Why are people rating this film so highly? I'll never understand. Maybe it's the high-octane action sequences. Yeah, that's probably it. WhileWhy are people rating this film so highly? I'll never understand. Maybe it's the high-octane action sequences. Yeah, that's probably it. While they are enjoyable to watch, it's not enough to call it a movie.

    It's unpleasant to watch at times, even the action sequences, and, like a few people in here already said, the stunts are a bit repetitive, especially where Tony Jaa takes out the guys in black suits. A lot of arms and legs twisting, it's like he has a fetish for this sort of thing. It's too overblown to call it a signature move or something like that.

    The scene where Tony Jaa fights his way up in the VIP area is quite enjoyable to watch. The roughly 5 minutes action sequences were done in a single shot, the camera work in that scene was excellent. Can't say the same about the editing though, it's really choppy. One minute, there was a boat chase and then a random explosion in the next shot. Tony Jaa jumps on top of a van from the bridge but the movie cuts from him on the bridge straight away to him on top of a van. It was either cut too quickly or they didn't film him actually jumping on top of the van but either way, "what the f***?"

    There's more but these are just a few examples of bad editing, it cuts to the next shot too quickly. It's like the film skipped about 2 shots during the action sequences, that's the best way to explain it but you'll have to see for yourself if you want to fully understand what this is about as it's quite noticeable.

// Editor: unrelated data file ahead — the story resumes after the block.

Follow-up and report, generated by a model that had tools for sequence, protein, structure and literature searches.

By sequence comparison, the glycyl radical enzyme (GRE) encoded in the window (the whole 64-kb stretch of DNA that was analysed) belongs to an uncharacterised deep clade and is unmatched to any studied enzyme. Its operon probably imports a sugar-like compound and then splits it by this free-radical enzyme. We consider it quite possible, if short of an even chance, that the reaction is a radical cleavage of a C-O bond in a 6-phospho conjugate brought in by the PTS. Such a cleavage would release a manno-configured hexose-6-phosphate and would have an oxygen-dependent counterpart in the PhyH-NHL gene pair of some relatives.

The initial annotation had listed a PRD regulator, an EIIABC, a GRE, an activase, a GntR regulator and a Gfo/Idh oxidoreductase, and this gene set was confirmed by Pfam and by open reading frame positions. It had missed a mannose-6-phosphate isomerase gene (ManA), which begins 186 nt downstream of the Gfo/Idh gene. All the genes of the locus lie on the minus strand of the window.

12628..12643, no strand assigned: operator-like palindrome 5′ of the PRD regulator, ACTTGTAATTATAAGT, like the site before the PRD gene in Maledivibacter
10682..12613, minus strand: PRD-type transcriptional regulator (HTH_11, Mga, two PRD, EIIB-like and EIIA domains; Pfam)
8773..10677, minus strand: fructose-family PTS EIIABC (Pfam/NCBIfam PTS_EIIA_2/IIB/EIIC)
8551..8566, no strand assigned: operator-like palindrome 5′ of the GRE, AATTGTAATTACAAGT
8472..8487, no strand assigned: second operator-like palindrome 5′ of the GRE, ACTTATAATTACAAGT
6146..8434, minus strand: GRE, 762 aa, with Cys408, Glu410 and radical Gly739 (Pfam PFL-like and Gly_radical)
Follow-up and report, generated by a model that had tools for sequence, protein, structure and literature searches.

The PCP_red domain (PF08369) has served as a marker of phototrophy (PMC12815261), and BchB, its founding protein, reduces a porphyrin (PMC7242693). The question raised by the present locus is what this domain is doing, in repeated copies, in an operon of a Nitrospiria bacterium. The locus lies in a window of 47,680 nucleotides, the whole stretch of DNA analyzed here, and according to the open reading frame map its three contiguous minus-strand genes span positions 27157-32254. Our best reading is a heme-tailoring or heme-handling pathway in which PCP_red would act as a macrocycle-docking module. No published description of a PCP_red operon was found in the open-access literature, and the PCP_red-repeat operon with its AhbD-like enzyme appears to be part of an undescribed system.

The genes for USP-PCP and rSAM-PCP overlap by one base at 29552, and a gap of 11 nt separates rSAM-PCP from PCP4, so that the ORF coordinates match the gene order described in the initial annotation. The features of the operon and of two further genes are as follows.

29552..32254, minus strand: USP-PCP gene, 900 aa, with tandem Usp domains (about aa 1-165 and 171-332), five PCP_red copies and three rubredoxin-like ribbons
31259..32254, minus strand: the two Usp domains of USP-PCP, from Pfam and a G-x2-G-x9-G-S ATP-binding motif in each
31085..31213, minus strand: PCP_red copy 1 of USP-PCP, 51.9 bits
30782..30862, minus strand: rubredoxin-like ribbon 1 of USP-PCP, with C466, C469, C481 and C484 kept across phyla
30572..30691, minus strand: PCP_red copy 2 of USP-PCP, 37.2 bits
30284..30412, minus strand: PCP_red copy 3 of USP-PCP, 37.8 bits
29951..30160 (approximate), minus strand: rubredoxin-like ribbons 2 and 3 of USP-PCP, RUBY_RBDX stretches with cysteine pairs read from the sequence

The movie strangely moves back and forth between dubbing and subtitles, but why even bother with the subtitles? The story is basically about Tony Jaa who embarks on a journey from his home in Thailand to Sidney to rescue his elephants from poachers and Vietnamese gangsters who runs a Thai restaurant containing, in the storage area, ready to be butchered and consumed exotic animals.

    There's also no reason for this film to be overly sentimental at the end as there are no character development to begin with so why should we care how Tony Jaa feels about what happened to his elephant? There's no spoilers in this review but don't expect to be shocked or blown away. It's all laid out for you so even if you don't speak Thai or Mandarin, you'll understand what the movie is about anyway.

    It's probably better if you don't read the subtitles, it makes it less embarrassing as the dialogues consist of Tony Jaa screaming "where's my elephant". Other than that, there's very little of it but the embarrassing English dubbing is what you'll have to sit through if you're going to watch this movie.

    Recommended for action junkies, martial art fans or anyone who's highly action-oriented. This movie is for you! You can enjoy all the bone crushing, head smashing and over-the-top action sequences without actually using your brain. Those expecting more, such as a less absurd plot and better acting, should look elsewhere as there are kung fu movies out there with a more highly cerebral story line as well as eye-popping action sequences.

    Tony Jaa might be as good as Bruce Lee, Jackie Chan and Jet Li but after Ong Bak, action movies starring Tony Jaa walks familiar trends so I won't be looking forward to another one. The only good thing about this movie is the action, everything else is pretty much forgettable.
    Full Review »
  3. MattW.
    May 25, 2008
    Forget the plot. You don't watch a martial arts movie for the gripping storyline or subtly nuanced character acting. You watch it for Forget the plot. You don't watch a martial arts movie for the gripping storyline or subtly nuanced character acting. You watch it for the ass kickery. This movie has it in spades. The fights are both amazingly choreographed and enjoyably brutal. Tony Jaa is the master of the flying knee! Full Review »